Moving to systems-as-a-service

The MIDAS (Modularity In Design for Asset Servitization) project looks at how DNV can support an industry shift toward ‘power-by-the-hour’ or ‘servitization’ over traditional models of equipment supply. This will have implications for safety and maintenance, but also benefits for shipowners, Original Equipment Manufacturers (OEMs), and class.

Condition based maintenance holds much potential for reduced operational costs, but only if the data produced is comprehended and acted upon. With ground-up understanding of their own equipment, OEMs are better-placed to take this action, yet current ownership models place this responsibility on the end-user.

This approach rarely gets the best results from the available technology, either in terms of maintenance outcomes or incremental performance adjustments. Shifting to a servitization model allows OEMs and integrators to take responsibility for monitoring the health of their assets, and making incremental improvements as they better understand the hardware they have designed themselves.

“Turning ship systems into modules could fundamentally change the way ships are built, commissioned and operated – paving the way for greater standardization in marine manufacturing and changing the roles and responsibilities of various stakeholders.”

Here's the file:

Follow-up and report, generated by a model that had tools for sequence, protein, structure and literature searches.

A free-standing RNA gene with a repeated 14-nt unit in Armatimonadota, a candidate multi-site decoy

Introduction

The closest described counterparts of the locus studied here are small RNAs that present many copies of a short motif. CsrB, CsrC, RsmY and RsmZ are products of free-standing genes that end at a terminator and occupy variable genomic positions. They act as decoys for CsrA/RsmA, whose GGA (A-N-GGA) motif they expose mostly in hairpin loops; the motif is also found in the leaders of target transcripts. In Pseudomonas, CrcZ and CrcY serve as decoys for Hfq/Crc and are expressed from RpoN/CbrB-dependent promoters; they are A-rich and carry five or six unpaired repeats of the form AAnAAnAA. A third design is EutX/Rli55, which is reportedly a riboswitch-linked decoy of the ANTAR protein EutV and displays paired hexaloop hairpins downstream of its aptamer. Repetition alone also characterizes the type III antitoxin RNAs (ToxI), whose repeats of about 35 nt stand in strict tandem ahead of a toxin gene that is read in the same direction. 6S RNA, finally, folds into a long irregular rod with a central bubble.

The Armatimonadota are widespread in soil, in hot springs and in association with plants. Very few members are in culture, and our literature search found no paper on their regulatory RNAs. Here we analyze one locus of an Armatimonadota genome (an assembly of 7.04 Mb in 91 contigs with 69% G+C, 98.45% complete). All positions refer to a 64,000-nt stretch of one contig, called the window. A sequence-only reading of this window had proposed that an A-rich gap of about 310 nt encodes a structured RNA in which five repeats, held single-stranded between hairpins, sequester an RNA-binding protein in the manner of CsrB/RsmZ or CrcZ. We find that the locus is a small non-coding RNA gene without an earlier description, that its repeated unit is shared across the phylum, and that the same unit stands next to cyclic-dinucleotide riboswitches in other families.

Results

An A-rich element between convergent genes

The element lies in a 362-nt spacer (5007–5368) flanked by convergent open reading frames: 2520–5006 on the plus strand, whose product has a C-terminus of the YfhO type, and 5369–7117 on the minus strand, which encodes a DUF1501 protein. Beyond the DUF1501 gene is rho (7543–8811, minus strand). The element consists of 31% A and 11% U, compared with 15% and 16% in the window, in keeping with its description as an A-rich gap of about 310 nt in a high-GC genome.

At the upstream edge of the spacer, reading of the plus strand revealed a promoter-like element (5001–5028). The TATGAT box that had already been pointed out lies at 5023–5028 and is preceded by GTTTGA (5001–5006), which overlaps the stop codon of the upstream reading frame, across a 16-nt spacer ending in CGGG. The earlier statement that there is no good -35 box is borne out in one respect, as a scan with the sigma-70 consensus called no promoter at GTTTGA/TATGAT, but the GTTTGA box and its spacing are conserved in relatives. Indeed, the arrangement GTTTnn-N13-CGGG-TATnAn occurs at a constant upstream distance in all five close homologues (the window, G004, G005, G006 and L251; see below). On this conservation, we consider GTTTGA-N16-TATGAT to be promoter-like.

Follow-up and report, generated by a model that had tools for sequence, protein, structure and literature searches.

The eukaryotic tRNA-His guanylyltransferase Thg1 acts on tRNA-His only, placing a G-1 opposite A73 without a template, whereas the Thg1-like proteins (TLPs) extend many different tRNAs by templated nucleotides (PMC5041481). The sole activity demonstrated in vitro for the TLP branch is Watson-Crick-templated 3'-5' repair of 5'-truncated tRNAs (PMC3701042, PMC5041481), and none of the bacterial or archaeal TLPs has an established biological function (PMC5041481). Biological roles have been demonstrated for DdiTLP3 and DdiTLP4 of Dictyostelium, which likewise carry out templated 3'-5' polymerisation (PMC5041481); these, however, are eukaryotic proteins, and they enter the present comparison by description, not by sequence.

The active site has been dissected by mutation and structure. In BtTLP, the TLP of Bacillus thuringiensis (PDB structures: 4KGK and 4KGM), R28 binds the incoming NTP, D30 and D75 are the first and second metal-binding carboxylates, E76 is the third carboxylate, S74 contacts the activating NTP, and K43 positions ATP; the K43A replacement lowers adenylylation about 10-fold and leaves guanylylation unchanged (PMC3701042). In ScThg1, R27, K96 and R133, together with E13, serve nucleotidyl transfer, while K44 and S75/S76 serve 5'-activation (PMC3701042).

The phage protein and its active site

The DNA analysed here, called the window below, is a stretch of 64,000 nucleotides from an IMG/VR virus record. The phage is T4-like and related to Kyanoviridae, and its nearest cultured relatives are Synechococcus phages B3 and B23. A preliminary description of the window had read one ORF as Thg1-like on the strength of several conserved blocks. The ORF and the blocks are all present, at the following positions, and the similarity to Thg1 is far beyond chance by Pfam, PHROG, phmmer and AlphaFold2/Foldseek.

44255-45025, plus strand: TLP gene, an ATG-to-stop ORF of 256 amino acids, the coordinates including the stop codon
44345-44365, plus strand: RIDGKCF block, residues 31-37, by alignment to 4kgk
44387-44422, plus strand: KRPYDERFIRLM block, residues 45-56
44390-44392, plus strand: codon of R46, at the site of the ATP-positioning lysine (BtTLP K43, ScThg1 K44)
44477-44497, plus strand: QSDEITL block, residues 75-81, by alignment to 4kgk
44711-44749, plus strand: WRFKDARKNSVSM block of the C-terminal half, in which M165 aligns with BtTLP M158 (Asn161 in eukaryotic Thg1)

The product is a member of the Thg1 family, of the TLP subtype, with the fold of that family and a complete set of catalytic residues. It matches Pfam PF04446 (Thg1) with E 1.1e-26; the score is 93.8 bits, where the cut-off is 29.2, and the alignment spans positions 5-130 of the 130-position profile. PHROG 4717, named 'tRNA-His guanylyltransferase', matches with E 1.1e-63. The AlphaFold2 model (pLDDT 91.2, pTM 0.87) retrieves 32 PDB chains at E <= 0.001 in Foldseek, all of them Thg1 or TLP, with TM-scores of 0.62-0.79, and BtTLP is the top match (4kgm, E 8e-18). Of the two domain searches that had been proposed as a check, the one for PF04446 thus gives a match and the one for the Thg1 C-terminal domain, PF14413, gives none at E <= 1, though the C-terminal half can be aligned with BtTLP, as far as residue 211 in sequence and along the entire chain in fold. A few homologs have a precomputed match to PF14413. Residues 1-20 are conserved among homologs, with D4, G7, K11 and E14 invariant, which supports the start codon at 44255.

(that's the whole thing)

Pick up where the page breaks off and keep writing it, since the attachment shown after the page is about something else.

• Knut Erik Knutsen
  • ,
  • DNV

Modular integrated systems

MIDAS proposes to leverage the different disciplines of class to support the design of a modular template for integrated systems, suitable for reuse in many ships and by various OEMs. Developed in close collaboration with industry partners, these modular layouts would enable servitization of the systems a ship relies on - propulsion, navigation, communication or other functions – providing an architecture in which degrading components can be swapped or overhauled at an increasingly optimal time.

This transition by OEMs - from a product to an advanced-service portfolio – requires advanced understanding of failure mechanisms, maintenance intervals, and the ability to monitor and harvest data from a global fleet of systems. MIDAS explores how DNV classification, too, could utilize this data, to enable new ways of checking compliance to classification rules and improving maritime safety.

The benefits

MIDAS aims to realize benefits for all three stakeholders in a servitization setup - shipowner, OEM and DNV classification. It will be in OEMs’ interests to maximise contract returns, by leveraging R&D expertise to improve systems continuously – not just at the point of purchase, as in the traditional model. Greater control over integration and operation will enable improved reliability, longer maintenance intervals, and faster efficiency gains for ship equipment. This can reduce lifetime costs for the shipowner and, in the long term, enable the requisite high reliability for unmanned vessels. For DNV classification, data can be used to improve assurance work, remote surveys, and condition-based surveys.

The market potential for the solutions proposed is in theory the entire ship systems market, although it is not anticipated that all shipowners or OEMs will move to a servitized offering. Therefore, DNV estimates the market potential is perhaps towards 50% of selected ship systems over the next 20 years.